Sometimes we come into a relationship and then marriage with debt and sometimes it occurs together once together, either way its something that needs to be dealt with. This WILL affect your marriage whether you believe it or not. The course we took had a method called the ‘debt snowball’ and it makes a lot of sense, we thankfully did not have debt in our situation but have had to make financial decisions that have weighed heavy on us over the years and it enlightened me to how it feels to be weighed down by money issues. The other strategy is to be ‘gazelle intense’ about changing your financial situation. If you have ever seen a gazelle outrun a bigger animal (I highly recommend you-tubing that right now) Its focused and intense. That how serious it should be to get the debt gone. I have seen people get out of over $30,000 over the course we took and there are thousands of stories exactly like that…if your serious about getting into a better financial situation, its possible with the determination and strategies out there. I am not here to promote Dave Ramsey more than I already have, I am sure there are other methods and people out there that can help in this area especially, all I am here to say is that debt will affect your marriage and dealing with it will be a direct positive affect to your marriage.
This really shouldn’t be #5 on the list. Something important we have learned is to pray and seek God’s wisdom before we make financial decisions. The bible has endless words to guide us with finances and we should be using them to help us. Our biggest goal in life is to follow the path God has for us and that even includes our financial path. We are hoping that as we seek his guidance it can bring us closer to that path because our selfish nature will try to take over at every step of the way, so maybe that means waiting longer then we would like in the pace of using the land, but I am far more concerned with the purpose of the path then the pace of the path.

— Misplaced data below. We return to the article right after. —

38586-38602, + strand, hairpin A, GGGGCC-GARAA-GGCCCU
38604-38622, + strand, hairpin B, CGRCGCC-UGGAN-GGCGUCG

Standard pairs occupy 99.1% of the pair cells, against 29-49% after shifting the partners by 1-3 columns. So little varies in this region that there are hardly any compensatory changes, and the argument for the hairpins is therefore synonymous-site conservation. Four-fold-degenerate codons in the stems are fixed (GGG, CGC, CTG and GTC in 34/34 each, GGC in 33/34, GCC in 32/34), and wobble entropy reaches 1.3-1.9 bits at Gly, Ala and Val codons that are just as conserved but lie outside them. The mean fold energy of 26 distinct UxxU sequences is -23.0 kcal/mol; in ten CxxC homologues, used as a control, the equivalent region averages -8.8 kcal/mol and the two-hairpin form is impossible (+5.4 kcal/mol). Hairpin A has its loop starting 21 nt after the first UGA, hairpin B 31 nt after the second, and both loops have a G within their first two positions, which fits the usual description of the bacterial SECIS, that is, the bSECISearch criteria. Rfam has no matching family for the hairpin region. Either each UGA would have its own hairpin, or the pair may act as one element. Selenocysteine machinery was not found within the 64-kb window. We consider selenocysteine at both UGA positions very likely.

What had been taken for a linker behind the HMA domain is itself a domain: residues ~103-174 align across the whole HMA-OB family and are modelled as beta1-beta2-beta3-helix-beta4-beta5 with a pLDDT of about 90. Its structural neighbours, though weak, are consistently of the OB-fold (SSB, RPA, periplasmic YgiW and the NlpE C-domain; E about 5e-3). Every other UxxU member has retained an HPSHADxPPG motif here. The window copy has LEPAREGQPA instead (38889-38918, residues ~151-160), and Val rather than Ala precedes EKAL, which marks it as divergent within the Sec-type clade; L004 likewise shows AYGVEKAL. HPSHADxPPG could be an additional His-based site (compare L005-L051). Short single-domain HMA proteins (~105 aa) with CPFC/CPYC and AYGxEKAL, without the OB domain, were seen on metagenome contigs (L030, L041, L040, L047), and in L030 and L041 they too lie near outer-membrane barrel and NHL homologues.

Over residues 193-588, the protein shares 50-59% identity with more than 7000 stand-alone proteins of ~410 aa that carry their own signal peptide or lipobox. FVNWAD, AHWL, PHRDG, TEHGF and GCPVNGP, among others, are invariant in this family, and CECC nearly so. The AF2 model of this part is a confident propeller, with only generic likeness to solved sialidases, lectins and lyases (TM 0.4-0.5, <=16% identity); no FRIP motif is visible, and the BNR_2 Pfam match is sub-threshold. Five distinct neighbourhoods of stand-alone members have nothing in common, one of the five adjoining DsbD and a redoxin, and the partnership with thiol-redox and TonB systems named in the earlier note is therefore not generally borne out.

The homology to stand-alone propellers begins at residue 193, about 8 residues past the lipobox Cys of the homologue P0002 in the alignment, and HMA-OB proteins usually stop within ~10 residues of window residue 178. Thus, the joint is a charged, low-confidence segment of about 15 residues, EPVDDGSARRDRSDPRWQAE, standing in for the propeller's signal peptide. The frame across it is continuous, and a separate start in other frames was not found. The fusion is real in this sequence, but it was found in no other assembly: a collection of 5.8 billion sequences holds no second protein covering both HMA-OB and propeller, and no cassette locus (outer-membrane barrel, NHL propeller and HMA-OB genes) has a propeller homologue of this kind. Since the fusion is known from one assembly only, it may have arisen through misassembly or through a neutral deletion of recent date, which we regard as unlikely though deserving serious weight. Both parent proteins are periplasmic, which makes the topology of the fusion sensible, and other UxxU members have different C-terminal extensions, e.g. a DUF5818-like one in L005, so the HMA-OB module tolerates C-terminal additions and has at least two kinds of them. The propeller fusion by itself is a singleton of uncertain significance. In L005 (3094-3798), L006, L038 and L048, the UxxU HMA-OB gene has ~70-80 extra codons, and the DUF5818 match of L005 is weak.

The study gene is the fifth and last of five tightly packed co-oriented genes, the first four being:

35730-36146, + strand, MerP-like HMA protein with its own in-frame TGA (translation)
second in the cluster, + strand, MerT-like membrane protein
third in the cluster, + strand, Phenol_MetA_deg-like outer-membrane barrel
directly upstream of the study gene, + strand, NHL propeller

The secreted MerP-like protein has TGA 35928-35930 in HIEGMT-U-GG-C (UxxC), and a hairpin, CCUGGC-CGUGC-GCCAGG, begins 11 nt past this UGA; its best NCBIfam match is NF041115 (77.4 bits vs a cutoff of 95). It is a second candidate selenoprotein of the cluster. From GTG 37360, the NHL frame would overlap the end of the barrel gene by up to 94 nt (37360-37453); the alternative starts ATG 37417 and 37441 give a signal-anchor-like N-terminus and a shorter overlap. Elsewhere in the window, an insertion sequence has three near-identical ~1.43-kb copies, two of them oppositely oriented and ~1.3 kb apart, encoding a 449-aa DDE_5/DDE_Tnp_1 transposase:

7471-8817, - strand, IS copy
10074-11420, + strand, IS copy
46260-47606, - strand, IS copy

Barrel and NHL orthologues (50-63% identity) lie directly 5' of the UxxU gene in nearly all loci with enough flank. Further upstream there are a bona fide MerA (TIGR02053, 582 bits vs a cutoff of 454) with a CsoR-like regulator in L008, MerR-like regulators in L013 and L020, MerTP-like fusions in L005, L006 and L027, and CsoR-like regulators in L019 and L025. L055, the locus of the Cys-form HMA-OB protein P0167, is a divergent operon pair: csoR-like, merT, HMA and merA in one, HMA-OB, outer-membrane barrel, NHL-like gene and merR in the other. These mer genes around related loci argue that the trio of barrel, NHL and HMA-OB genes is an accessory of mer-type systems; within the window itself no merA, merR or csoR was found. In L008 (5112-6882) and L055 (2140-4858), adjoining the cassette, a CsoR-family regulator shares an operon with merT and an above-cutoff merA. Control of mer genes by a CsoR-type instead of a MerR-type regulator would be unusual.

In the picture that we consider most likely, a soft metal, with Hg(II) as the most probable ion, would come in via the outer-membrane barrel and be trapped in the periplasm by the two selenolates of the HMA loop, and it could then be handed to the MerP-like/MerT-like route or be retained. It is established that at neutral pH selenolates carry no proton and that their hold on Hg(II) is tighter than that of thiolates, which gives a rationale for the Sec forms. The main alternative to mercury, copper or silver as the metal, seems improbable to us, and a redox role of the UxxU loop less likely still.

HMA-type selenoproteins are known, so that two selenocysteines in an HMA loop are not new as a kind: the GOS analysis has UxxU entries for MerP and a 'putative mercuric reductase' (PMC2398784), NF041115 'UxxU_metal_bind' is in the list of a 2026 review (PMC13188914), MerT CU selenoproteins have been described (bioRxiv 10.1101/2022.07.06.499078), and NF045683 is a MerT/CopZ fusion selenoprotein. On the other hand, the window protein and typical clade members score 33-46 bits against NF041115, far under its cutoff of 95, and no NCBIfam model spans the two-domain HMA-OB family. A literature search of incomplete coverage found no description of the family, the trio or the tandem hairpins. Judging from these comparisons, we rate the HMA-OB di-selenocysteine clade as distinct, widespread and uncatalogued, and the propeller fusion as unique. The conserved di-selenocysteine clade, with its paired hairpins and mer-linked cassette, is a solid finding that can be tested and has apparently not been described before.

Look I am not saying money is easy in a marriage, it’s not. I think the key is recognizing what type of spender and organizer your spouse is and staying on the same page EVEN if your opposite like we are. You won’t always see eye to eye but being on the same page keeps things in a good place. If you both have the same goal, even having different approaches can be okay and not detrimental like so many marriages fall into. What I have outlined is not even close to all of the skills we have learned but a glimpse into it. My main point is that addressing your finances, learning about your spouse with finances is beyond important in the success of your marriage. People over look it far too often and I think it is something significant to talk about, especially young marriages like ours, to ensure things that CAN be detrimental AREN’T…but it takes intentional and purposeful work on your part.